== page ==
A few weeks ago I mentioned on twitter that I had a new favorite SSD. This is that SSD, and surprisingly enough, it’s made by SanDisk.

The SanDisk part is very unexpected, because until now SanDisk hadn’t really put out a very impressive drive. Much like Samsung in the early days of SSDs, SanDisk is best known for its OEM efforts. The U100 and U110 are quite common in Ultrabooks, and more recently even Apple adopted SanDisk as a source for its notebooks. Low power consumption, competitive pricing and solid validation kept SanDisk in the good graces of the OEMs. Unfortunately, SanDisk did little to push the envelope on performance, and definitely did nothing to prioritize IO consistency. Until now.

The previous generation SanDisk Extreme SSD used a SandForce controller, with largely unchanged firmware. This new drive however moves to a much more favorable combination for companies who have their own firmware development team. Like Crucial’s M500, the Extreme II uses Marvell’s 88SS9187 (codename Monet) controller. SanDisk also rolls its own firmware, a combination we’ve seen in previous SanDisk SSDs (e.g. the SanDisk Ultra Plus). Rounding out the nearly vertical integration is the use of SanDisk’s 19nm eX2 ABL MLC NAND.

This is standard 2-bit-per-cell MLC NAND with a twist: a portion of each MLC NAND die is set to operate in SLC/pseudo-SLC mode. SanDisk calls this its nCache. The nCache is used as a lower latency/higher performance write buffer. In the Ultra Plus, I pointed out that there simply wasn’t much NAND allocated to the nCache since it is pulled from the ~7% spare area on the drive. With the Extreme II SanDisk doubled the amount of spare area on the drive, which could impact the size of the nCache.

SanDisk Extreme II Specifications
  120GB 240GB 480GB
Controller Marvell 88SS9187
NAND SanDisk 19nm eX2 ABL MLC NAND
DRAM

128MB DDR3-1600

256MB DDR3-1600
512MB DDR3-1600
Form Factor 2.5" 7mm
Sequential Read

550MB/s

550MB/s
545MB/s
Sequential Write
340MB/s
510MB/s
500MB/s
4KB Random Read
91K IOPS
95K IOPS
95K IOPS
4KB Random Write
74K IOPS
78K IOPS
75K IOPS
Drive Lifetime 80TB Written
Warranty 5 years
MSRP
$129.99
$229.99
$439.99

Some small file writes are supposed to be buffered to the nCache, but that didn’t seem to improve performance in the case of the Ultra Plus, leading me to doubt its effectiveness. However, SanDisk mentioned the nCache can be used to improve data integrity as well. The indirection/page table is stored in nCache, which SanDisk believes gives it a better chance of maintaining the integrity of that table in the event of sudden power loss (since writes to nCache are quicker than to the MLC portion of the NAND). The Extreme II itself doesn’t have any capacitor based power loss data protection.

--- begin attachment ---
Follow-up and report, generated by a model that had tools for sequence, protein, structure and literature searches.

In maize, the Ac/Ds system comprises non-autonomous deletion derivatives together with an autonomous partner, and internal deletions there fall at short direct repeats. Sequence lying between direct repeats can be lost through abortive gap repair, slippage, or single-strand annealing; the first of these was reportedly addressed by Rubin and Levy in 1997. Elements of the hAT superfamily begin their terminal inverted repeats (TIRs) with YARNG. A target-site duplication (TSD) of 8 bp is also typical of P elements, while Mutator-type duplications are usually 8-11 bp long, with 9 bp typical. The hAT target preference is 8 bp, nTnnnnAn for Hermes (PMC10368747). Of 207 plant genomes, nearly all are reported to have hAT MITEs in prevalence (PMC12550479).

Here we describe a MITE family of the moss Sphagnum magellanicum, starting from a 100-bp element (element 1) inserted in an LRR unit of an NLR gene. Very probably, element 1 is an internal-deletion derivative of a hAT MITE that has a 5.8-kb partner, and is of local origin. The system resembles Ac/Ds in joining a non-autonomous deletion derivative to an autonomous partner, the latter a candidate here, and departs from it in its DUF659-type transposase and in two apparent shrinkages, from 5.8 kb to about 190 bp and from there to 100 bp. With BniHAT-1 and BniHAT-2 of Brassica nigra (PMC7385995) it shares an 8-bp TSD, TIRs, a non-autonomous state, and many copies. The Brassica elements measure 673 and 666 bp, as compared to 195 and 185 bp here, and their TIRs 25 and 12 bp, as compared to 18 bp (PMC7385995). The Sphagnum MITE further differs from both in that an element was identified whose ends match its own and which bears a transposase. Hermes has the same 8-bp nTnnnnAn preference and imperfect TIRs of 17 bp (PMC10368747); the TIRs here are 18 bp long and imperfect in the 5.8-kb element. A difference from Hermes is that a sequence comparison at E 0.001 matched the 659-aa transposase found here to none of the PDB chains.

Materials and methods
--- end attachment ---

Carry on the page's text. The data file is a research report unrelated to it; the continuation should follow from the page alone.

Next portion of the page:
Don't be too put off by the 80TB of drive writes rating for the drives. The larger drives should carry higher ratings (and they will last longer), but in order to claim a higher endurance SanDisk would have to actually validate to that higher endurance specification. For client drives, we often times see SSD vendors provide a single endurance rating in order to keep validation costs low - despite the fact that larger drives will be able to sustain more writes over the lifetime of the drive. SanDisk offers a 5 year warranty with the Extreme II.

Despite the controller’s capabilities (as we’ve seen with the M500), SanDisk’s Extreme II doesn’t enable any sort of AES encryption or eDrive support.

With the Extreme II, SanDisk moved to a much larger amount of DRAM per capacity point. Similar to Intel’s S3700, SanDisk now uses around 1MB of DRAM per 1GB of NAND capacity. With a flat indirection/page table structure, sufficient DRAM and an increase in spare area, it would appear that SanDisk is trying to improve IO consistency. Let’s find out if they have.

Performance Consistency
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  • qqqww314 - Monday, December 16, 2013 - link

    great review. You made me read all of it!! and learn everything about SSDs. Really great work!!

    do you know if SanDisk Extreme II is compatible with macbook white 2009? (last version of white)

    I read about DRAM 512 MB 1600MHZ
    and my macbook has MEMORY: 8GB RAM DDR3 1067 MHZ. It is not campatible with more MHZ. It crashes and doesn't work properly.

    so... i don't know if this is a problem. I Play live keyboards with Logic Pro and don't want any crashes that would not matter in other occasions. But also need the speed of an SSD running through my projects.

    I know friends that have serious monitor crashes of 10 to 20 seconds with older macbooks(2006,2007) and older SSDs.

    Thanks
    Reply

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